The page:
Hessen Kassel

KSV Hessen Kassel - TSV Schott Mainz, Auestadion, Kassel

The KSV Hessen Kassel is a football club with a big history and a stadium (the Auestadion) rather fitting to the past than to the present. It was an obvious idea to watch a match but I simply didn’t do it after moving to Kassel – shortly after I decided to buy a ticket, SARS-CoV-2 appeared and all matches were cancelled or no spectators were allowed. Now the large stadium becomes an advantage: people can watch matches during the pandemic safely while adhering to the distance rules. Against TSV Schott Mainz around 2,000 people (in a stadium for more than 18,000 persons) saw the first home game of the new season.

Continue reading “Hessen Kassel”

Mirroring the clouds

European Central Bank, Frankfurt am Main

When passing through the East of Frankfurt you might certainly see a giant skyscraper. It doesn’t look like a part of a skyline – it is standing out and surrounded by rather small buildings and residential zones. The giant glass windows look like a giant mirroring and it is really an amazing piece of architecture. That doesn’t only seem to be my opinion; for some years, every time when I was passing through the Ostend with friends one of them said: ‘Do you see this building? That is the new European Central Bank!‘. Proudly. Like it doesn’t happen so often with a skyscraper in Frankfurt.

Continue reading “Mirroring the clouds”

Café Crumble

Bockenheimer Warte, Frankfurt am Main

There are endless good options to have a nice breakfast in Frankfurt, Germany. But if you’re looking for a plain, non-touristy coffee bar aside from the busy city centre you might like the Café Crumble. It is located not far away from the Bockenheimer Warte and offers seats inside and outside in a small backyard. The Crumble is a cosy place which offers a small but good range of breakfast: from vegetarian to sea fruit, from sweet to Greek.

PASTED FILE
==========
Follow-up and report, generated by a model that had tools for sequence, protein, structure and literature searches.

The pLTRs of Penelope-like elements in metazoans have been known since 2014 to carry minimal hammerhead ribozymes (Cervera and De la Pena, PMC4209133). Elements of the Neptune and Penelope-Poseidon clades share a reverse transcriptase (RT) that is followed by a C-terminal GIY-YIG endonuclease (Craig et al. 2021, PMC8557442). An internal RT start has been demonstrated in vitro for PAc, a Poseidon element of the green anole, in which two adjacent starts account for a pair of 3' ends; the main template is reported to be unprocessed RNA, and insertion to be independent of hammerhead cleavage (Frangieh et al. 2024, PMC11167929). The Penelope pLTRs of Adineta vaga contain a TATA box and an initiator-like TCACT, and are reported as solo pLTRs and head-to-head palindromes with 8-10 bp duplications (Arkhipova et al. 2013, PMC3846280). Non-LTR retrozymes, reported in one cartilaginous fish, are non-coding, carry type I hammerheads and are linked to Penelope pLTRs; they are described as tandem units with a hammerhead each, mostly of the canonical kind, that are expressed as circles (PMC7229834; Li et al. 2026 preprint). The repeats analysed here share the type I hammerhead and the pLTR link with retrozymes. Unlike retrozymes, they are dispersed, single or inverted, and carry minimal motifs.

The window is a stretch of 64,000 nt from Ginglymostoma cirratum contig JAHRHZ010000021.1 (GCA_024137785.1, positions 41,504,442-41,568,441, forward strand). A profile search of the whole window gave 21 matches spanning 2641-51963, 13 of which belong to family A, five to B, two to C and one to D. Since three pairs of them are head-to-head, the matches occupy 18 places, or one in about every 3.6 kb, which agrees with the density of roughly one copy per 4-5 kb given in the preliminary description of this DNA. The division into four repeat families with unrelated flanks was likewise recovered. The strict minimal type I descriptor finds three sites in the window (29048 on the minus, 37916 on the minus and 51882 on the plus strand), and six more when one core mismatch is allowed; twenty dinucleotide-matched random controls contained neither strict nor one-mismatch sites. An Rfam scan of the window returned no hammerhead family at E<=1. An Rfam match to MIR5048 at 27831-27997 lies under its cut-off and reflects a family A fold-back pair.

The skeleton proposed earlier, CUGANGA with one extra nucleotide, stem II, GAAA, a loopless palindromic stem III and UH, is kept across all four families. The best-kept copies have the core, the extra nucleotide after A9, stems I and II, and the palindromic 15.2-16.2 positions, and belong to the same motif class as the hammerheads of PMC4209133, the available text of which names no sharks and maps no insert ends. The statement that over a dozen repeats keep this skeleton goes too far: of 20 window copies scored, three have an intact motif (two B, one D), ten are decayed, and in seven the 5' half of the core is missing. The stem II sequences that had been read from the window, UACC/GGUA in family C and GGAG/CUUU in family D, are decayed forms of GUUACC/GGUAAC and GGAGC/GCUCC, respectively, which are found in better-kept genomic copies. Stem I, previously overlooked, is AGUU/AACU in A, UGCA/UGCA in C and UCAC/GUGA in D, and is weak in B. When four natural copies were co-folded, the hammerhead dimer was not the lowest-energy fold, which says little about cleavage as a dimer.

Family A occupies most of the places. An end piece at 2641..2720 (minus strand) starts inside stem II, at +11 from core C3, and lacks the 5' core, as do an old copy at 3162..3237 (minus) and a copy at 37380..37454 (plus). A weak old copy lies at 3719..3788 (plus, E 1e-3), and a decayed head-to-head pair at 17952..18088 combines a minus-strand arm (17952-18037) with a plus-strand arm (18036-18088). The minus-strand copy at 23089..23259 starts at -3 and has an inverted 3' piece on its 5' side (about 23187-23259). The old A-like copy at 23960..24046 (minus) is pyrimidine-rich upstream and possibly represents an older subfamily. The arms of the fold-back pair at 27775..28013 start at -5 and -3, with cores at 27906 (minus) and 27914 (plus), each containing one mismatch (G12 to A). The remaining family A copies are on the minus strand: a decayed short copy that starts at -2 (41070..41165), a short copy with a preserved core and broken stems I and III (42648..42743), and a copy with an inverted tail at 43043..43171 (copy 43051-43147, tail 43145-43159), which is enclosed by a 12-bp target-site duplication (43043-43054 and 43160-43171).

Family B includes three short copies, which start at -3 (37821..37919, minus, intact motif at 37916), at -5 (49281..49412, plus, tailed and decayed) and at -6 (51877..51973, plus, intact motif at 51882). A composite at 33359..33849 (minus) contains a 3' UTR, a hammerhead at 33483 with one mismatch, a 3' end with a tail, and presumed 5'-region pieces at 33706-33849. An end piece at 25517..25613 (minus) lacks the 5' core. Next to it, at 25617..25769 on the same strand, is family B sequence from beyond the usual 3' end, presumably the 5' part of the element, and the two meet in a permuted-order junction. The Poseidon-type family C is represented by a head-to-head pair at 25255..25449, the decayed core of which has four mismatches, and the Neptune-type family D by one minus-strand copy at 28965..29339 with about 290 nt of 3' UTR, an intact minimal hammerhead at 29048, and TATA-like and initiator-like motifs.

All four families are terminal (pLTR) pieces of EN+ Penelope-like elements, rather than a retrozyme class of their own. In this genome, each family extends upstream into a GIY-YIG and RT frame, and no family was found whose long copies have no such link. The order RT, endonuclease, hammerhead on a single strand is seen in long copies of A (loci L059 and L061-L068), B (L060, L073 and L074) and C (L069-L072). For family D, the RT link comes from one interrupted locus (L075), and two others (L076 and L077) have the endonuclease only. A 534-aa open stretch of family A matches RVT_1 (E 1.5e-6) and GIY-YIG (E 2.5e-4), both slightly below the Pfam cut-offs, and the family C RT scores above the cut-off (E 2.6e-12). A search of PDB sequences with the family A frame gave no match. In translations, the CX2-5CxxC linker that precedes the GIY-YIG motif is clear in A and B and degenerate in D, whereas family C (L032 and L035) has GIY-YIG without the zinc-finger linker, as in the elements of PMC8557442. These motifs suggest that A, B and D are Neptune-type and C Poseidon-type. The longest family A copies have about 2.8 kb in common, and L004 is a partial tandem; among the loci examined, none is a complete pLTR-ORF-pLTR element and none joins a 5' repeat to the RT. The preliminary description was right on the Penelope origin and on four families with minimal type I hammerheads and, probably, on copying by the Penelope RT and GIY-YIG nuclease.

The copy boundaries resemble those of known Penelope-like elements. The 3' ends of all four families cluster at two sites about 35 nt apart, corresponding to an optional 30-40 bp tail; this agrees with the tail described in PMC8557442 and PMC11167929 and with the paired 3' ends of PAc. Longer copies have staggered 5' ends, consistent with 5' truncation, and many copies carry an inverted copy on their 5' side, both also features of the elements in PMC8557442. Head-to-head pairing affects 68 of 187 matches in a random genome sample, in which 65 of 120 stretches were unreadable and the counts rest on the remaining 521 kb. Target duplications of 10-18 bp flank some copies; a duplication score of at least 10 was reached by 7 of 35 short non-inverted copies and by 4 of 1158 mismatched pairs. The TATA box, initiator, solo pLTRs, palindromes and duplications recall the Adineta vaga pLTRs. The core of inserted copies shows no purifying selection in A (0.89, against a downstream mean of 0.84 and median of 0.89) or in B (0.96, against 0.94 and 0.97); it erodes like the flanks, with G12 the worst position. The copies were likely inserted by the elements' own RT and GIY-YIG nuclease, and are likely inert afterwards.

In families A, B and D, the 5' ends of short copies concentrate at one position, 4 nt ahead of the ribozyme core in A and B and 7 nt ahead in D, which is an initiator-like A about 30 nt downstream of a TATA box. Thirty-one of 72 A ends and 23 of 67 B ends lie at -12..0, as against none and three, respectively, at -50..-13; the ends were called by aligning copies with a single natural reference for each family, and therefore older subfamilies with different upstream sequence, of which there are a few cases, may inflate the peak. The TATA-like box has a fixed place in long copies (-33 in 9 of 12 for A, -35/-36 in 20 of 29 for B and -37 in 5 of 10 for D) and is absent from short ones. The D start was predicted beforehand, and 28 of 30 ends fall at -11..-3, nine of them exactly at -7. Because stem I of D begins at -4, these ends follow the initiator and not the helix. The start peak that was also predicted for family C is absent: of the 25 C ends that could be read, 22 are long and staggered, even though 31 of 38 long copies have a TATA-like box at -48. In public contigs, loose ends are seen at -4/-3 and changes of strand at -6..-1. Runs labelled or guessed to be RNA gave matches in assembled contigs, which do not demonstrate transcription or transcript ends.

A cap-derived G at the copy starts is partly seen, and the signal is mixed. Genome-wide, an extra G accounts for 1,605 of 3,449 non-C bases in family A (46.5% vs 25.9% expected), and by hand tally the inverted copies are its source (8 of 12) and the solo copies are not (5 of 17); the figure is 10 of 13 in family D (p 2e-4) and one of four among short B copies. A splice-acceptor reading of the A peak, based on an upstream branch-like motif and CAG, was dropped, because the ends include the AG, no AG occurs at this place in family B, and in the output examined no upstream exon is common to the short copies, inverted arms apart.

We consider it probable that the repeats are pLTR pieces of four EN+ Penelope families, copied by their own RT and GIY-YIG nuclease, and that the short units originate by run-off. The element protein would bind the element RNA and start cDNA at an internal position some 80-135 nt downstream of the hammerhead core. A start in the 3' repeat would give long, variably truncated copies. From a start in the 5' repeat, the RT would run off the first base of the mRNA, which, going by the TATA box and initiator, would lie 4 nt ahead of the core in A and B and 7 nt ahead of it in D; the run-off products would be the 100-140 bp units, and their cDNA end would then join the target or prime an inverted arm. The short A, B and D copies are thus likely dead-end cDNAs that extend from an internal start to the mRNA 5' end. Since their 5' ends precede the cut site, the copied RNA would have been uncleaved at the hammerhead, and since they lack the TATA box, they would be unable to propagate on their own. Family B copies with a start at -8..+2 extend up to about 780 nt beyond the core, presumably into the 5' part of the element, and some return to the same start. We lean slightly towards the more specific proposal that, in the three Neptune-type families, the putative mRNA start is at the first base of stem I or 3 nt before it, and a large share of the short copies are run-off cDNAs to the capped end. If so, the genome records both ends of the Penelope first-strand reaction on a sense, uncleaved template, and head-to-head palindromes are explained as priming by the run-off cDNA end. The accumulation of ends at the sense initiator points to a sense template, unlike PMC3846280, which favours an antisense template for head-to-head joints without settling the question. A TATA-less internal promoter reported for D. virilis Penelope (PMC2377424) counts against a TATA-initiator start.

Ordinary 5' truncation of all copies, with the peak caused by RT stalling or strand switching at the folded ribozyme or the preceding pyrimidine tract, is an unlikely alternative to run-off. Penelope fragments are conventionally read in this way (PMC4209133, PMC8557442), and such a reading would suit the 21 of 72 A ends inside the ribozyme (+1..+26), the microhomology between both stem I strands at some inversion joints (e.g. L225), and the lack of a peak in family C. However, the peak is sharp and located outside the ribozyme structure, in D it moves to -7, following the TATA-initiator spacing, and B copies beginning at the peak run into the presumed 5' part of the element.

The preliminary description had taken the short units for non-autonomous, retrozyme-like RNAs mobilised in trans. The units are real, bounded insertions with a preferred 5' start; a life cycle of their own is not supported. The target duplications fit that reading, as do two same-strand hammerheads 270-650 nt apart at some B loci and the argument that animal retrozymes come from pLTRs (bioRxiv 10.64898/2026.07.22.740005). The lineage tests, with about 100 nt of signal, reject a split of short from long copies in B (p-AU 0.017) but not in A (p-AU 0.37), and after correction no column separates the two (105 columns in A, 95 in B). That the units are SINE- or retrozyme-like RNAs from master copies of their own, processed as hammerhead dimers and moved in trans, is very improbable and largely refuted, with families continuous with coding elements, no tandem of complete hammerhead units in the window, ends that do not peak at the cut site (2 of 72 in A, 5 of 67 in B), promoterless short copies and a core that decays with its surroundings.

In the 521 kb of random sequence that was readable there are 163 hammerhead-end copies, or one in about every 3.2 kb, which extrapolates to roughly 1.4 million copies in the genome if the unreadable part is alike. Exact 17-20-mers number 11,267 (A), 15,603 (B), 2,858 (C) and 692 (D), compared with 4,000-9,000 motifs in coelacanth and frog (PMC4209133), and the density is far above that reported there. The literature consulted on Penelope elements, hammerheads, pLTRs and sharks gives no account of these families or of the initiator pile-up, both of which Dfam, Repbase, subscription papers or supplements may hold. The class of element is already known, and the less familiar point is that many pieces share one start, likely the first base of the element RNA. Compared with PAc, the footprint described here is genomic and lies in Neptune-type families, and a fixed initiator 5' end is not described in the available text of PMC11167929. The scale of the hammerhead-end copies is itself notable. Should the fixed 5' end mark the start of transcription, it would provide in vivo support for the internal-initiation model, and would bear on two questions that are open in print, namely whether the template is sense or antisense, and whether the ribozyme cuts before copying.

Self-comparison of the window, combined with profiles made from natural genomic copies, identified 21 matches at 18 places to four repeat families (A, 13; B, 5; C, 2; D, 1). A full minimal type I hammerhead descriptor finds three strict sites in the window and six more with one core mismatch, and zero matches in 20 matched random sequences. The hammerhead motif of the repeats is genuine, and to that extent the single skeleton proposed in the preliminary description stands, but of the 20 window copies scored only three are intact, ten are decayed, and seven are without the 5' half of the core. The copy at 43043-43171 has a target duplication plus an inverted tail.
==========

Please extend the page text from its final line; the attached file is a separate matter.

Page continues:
Continue reading “Café Crumble”

Getting around

E-Scooter, København

København with its 600,000 inhabitants isn’t a small but also not a giant city. Most sights for tourists are located in the city centre but for some, you’ll have to travel a bit. Getting around in the capital city of Denmark is rather easy – even as there are so many different transport systems. A little bit surprising for me was how important bicycles are for the inhabitants: riding a bike is a real pleasure as there are separated bicycle lanes and sometimes also bicycle bridges – you can get from A to B very fast by bike.

Continue reading “Getting around”

CopenhagenCard

Copenhagen Card, København

Should I buy it or not? That is the typical question you’ll have to ask yourself when you are travelling to a major city in Europe and you discover that they are offering a tourist card (and most of them do!). The answer isn’t always simple because you need to analyze what is included in the ticket and it heavily depends on what you’re about to do in the city. København offers a tourist ticket which they call the CopenhagenCard – and it is available as a hard ticket (which seems to be fading out) and as a virtual ticket in a mobile application for smartphones.